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20 of 27 people found the following review helpful
on July 3, 2009
George Lois is one the more celebrated ad men from the early days of advertising. He no doubt had great talent and was prolific. Unfortunately he apparently took credit for as many ideas that were created by others as he created himself.

Apparently George Lois' biggest idea was to take credit for others' work.
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12 of 16 people found the following review helpful
on October 22, 2009
Just a warning dont buy this book of burgled ideas. George Lois was someone I looked up to until I delved deeper in to the origin of the Volkswagen creative. He stole credit for that. That and so many other big ideas. I can not recommend a book on ideas by a man that stole them. Shame Mr. Lois.
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6 of 9 people found the following review helpful
on February 3, 2011
Having worked closely with George in the mid 70's on two major accounts, I was shocked when he repeatedly took credit, not only for the "great Ideas" he conceived, but also for the numerous creative executions of those ideas by others. The NYC OTB "personality" campaign circa 1975 comes to mind. Giving credit to the hard work and creativity of others on that and other similar high profile and successful campaigns would have been the right thing to do.
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Nice book for a coffee table. However, being an art student, you learn where most modern icons get their inspiration. I like this better than "Damn Good Advice".
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1 of 2 people found the following review helpful
on August 3, 2010
I'm not historically knowledgable enough to speak to the 2 earlier reviews that claim that Mr. Lois "stole" some of his ideas..... (although it sure does sound like sour grapes, based on the way those reviews are written.)

What I can speak to is the overall quality of the material presented within, and the experience of reading this book cover to cover. In short: this book is absolutely fantastic. I am a graphic designer, and ideas are the currency of my trade. But Lois takes it to another level. Beyond any single image or story presented here, what's most impressive about this collection of projects is Lois' overall process / spirit, which helps him find fresh approaches and vantage points into virtually any topic under the sun. Put this book on your shelf and pull it down whenever you need a kick in the butt, brain or funny bone.
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3 of 6 people found the following review helpful
on February 25, 2011
I almost didn't buy this book because of the negative reviews. That is until I read the negative reviews and found they were all centered on George Lois the man and not the book itself. You'll note that the 5 and 4-star reviews all speak directly to the book.

But here's one thing even the positive reviews don't tell you: the book is physically gorgeous! This is a large, hardcover, coffee table-beautiful book, dripping with incredible color photos, fine quality, heavy paper, the works. And it's less than $8. If you saw this book in a bookstore, you'd easily guess that it was in the $30 range. Easy.

And guess what? George Lois really does deliver on the promise of the title. Not by giving you some BS 5-step process to creating a big idea, but by showing you how most of his own "Big Ideas" had their roots in fine art, and the epiphanies that George had in absorbing these great masterworks of other artists.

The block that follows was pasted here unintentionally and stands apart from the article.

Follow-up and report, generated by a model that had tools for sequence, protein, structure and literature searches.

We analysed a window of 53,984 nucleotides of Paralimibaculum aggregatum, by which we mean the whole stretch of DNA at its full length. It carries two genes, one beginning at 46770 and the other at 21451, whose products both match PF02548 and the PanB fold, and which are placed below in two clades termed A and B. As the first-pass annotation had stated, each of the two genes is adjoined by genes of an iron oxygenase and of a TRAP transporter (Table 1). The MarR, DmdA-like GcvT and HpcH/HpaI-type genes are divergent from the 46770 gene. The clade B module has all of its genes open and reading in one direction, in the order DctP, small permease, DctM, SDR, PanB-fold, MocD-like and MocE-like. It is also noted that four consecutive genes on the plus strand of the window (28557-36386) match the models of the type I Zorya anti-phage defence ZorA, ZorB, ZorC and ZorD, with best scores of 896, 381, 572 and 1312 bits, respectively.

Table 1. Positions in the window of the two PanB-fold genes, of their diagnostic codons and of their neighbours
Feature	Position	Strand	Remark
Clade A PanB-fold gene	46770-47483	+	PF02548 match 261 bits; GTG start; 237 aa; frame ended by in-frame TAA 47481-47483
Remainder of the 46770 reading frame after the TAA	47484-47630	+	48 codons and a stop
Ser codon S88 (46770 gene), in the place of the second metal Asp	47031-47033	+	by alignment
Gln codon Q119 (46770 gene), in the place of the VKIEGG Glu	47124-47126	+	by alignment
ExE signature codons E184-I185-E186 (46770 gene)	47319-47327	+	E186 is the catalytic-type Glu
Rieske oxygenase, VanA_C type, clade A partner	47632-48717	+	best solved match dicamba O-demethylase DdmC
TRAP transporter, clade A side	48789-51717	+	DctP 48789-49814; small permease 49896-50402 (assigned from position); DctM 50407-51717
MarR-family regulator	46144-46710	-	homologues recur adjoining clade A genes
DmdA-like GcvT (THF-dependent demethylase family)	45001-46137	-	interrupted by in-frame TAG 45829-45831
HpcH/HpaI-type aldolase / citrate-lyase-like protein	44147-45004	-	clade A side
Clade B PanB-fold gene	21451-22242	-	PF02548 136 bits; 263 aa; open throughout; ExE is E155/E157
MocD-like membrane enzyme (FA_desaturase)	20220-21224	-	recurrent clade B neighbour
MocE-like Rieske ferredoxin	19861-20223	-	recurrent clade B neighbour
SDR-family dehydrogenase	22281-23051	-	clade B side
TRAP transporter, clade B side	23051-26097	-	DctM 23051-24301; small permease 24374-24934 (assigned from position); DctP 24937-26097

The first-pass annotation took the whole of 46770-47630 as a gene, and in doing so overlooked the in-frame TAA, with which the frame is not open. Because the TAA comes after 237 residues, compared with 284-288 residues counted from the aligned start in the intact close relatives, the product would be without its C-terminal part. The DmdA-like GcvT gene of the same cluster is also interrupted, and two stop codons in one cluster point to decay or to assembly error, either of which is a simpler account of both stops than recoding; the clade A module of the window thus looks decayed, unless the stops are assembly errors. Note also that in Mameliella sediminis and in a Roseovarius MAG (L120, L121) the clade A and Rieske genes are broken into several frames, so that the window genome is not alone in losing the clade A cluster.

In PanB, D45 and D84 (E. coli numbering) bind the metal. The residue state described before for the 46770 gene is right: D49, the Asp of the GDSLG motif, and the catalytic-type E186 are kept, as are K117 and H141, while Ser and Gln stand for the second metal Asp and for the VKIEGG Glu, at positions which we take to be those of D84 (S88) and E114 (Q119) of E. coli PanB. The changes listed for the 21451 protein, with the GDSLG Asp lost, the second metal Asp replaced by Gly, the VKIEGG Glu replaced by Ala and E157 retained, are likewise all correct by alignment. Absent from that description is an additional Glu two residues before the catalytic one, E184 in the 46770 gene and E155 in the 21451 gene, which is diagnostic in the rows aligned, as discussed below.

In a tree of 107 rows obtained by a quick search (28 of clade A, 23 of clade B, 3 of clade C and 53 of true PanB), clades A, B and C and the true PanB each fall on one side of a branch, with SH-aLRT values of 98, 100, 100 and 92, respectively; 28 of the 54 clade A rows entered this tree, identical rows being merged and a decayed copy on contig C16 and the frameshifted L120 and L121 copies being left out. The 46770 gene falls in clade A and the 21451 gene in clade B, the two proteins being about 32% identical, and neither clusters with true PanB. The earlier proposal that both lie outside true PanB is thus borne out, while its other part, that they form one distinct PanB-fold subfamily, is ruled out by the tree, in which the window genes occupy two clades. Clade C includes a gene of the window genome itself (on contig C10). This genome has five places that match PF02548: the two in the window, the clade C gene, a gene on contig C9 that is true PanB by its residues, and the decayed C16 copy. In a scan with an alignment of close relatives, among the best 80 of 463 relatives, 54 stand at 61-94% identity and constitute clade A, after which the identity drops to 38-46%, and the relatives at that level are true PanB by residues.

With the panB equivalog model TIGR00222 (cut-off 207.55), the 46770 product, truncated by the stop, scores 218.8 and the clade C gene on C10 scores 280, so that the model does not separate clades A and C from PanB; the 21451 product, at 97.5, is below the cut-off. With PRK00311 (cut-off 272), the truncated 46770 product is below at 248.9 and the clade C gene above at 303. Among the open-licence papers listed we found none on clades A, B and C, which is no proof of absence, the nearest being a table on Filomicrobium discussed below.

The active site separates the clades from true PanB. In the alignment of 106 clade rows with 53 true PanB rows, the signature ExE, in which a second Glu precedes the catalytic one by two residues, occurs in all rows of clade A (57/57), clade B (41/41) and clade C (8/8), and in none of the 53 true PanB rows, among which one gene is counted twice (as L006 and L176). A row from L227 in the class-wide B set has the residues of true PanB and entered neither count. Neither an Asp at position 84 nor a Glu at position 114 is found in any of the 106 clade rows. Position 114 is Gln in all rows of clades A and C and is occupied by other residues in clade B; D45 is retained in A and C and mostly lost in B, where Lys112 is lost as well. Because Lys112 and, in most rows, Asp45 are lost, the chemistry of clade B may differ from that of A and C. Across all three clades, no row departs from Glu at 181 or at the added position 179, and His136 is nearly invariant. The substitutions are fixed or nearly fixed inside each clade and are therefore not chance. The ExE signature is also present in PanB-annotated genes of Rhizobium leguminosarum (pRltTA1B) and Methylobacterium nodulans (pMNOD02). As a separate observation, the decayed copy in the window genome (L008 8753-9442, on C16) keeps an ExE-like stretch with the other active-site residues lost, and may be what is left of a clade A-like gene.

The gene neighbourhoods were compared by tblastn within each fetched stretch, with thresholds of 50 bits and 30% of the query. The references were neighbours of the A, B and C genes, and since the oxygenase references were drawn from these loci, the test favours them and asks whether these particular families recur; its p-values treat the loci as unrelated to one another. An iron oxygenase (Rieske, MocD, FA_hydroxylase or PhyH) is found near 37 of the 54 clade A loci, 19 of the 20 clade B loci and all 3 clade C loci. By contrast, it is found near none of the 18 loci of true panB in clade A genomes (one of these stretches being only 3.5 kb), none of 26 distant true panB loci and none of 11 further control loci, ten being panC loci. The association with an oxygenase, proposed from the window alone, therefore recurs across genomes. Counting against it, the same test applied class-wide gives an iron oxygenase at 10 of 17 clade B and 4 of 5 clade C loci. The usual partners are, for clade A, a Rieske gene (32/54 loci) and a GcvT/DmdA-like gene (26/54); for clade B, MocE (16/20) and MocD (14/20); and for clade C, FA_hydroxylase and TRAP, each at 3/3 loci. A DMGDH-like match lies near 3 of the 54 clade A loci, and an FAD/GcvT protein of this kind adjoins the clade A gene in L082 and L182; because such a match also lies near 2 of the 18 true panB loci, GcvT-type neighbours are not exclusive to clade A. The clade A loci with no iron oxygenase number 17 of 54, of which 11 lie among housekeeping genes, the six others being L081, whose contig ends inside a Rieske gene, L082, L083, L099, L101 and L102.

There are plenty of non-advertising books that I recommend to people in advertising because they are clear, beautiful, interesting books that touch upon the human condition, or art, or communication, or well, just plain life. Books like Walter Murch's The Conversations: Walter Murch and the Art of Editing Film. And there are other books, on advertising, that I recommend because they're just plain important books for anyone in the industry. This book is both. And it costs less than $8! How can you freakin' go wrong?
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3 of 6 people found the following review helpful
on February 3, 2009
I realized that was what was wrong with the Super Bowl commercials the other night. No Big Ideas! Just poorly executed copies from the past. If you want to study the big idea, there is no better place to start then here. George's ideas are as relevant as they were the day they were published. The Original Mad Man. Also try When Advertising Tried Harder.
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0 of 2 people found the following review helpful
on October 17, 2012
George Lois is an inspiration. This book of his most famous work (I'd like to see his failures) was a passage through our time. As a boomer and hospitality management school student of hard knocks, I witnessed most of this era in midtown Manhattan. I also served these guys, Lois, Holland and Calloway their lunch. What he says is true. What he creates is genuine. Most of us went out and bought this stuff he sold. I did because I liked their work and they made me laugh when they got mayo on their chins. Lois wraps his work around art and family. His political shape was formed through America's mid-century victory over tyranny. He carried this stand through the turbulent sixties and unrepentant seventies. A pugilist with a pen and paper. The book of "The Big Idea" collects this era like a historical romance novel without the sex. This was the way I remember it. I'm happy I have this great book of George Lois' creative genius to study and learn from. Peter.
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